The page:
Driving through Texas the next day, the car suddenly started pulling hard to the left in the middle of nowhere, and upon closer inspection it became apparent that an upper control arm bolt was not just damaged, but missing all together! The jury is still out as to how something like this happens, but being the industrious type, Steve was able to rummage through his giant bag of random Honda hardware and somehow come up with a brand new control arm.
While the rest of the trip went smoothly, other driving incidents thereafter have included a semi truck retread demolishing the front end (again), some nincompoop slamming into the car's rear bumper in the Babies R Us parking lot, and several other non-life-threatening circumstances. It's a rough life, but that's the risk a beater runs every time it starts up in order to do what it is told.
But this isn't just a four-door errand boy either, even though Steve has shown us snaps of it haphazardly transporting an entire roll of roofing material. Gutter jokes aside, this little sedan also sees track time, attends numerous out of state car shows, and serves as the preferred cross-country road trip machine. It's been to both coasts, the Gulf of Mexico, as well as up to both the Dakotas and Detroit, all under its own power, and never on the bed of a trailer.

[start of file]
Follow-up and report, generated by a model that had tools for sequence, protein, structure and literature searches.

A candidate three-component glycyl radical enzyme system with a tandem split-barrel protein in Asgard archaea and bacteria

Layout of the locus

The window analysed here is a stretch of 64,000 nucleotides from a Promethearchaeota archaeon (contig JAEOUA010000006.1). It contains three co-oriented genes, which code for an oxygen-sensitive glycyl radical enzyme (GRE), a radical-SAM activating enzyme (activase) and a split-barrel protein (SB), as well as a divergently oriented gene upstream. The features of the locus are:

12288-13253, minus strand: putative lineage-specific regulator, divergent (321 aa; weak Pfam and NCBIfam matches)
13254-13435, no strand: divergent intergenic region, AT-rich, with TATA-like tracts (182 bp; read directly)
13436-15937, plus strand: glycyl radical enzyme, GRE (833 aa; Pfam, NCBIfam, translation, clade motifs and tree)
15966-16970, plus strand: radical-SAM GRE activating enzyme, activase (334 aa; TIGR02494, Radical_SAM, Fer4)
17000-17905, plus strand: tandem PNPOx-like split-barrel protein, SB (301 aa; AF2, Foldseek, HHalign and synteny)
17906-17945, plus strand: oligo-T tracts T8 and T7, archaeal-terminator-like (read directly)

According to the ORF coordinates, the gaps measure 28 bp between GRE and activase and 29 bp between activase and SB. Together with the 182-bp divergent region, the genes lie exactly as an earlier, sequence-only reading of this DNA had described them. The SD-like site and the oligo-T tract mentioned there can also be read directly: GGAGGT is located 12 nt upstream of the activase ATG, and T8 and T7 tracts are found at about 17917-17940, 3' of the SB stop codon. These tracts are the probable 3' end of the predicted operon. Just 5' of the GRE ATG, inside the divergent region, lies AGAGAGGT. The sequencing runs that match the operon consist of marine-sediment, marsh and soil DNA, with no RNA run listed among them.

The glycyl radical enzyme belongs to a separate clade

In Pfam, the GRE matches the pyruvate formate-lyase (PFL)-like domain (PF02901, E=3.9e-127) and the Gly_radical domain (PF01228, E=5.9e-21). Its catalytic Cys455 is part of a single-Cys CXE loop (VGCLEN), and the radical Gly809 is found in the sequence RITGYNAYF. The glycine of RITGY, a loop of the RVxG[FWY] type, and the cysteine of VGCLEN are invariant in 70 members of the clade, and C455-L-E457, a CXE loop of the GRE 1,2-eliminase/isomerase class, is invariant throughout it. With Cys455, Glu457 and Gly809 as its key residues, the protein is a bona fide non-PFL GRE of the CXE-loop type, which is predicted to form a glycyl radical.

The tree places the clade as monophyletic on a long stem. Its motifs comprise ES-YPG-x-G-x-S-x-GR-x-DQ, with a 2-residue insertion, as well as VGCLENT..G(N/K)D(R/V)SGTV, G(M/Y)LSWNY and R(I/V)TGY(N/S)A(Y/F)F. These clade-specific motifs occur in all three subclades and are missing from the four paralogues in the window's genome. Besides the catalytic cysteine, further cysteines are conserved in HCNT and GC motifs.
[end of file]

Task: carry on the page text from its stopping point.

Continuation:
This is impressive considering that the HRE wheels on it were built-to-order and cost about $1,000 a piece. But despite being super special, these wheels are also a wee bit on the heavy side, hence Steve tracking the car on a set of Advan RG2's. Like the wheels themselves, a lot can be said for taking a simple approach to things, and Steve admits that by keeping the car naturally aspirated and controlled by a JDM-spec B16A ECU, powerplant issues have been nonexistent.
All told, Steve and his wife tack-on around 12,000 miles to the car's odometer every year, and with 38mpg gains and a 2,800lb curb weight, you can see why the little 161whp whippersnapper ran a 1:21 at Nelson Ledges a few months back. In comparison, several Corvettes that day were reportedly running similar times, a testament to how mid-1990s touring car creativity and quality parts can often outperform raw power.
Nowadays the car sits in the shop beneath the surgeon's scalpel, with Stoptech Trophy brake upgrades, Ohlins suspension updates, a 5-lug swap, and a fresh black interior matching its equally opaque RaceTech buckets. Although numerous wheels see rotation on the car when it is not undergoing reconstructive surgery (including a new set of HREs, some TE37s, and the only stateside set of Nismo LMGT4s in a 17" FWD offset), Steve remains on the fence about the real reason why his prized sedan sits on a lift. Years ago he swore to never swap in a K-series, something that apparently is happening as we speak.
Reliability sweats aside, Steve tells us that the major issue with this car is that there is absolutely zero resale value associated with this particular chassis, so he's basically stuck with it. But while he has toyed with the notion of parting the damn thing out, he can't stop loving this little sedan for all that it has and will offer.
Simply put, Steve has owned a lot of cars in his life, including a slew of other Honda badged machines and a Z06 Corvette, but this sedan still retains a place at the top as his favorite. Hopefully this love story will continue to usher in a new chapter come next April, when the snow melts and the car's newfound heart begins to beat.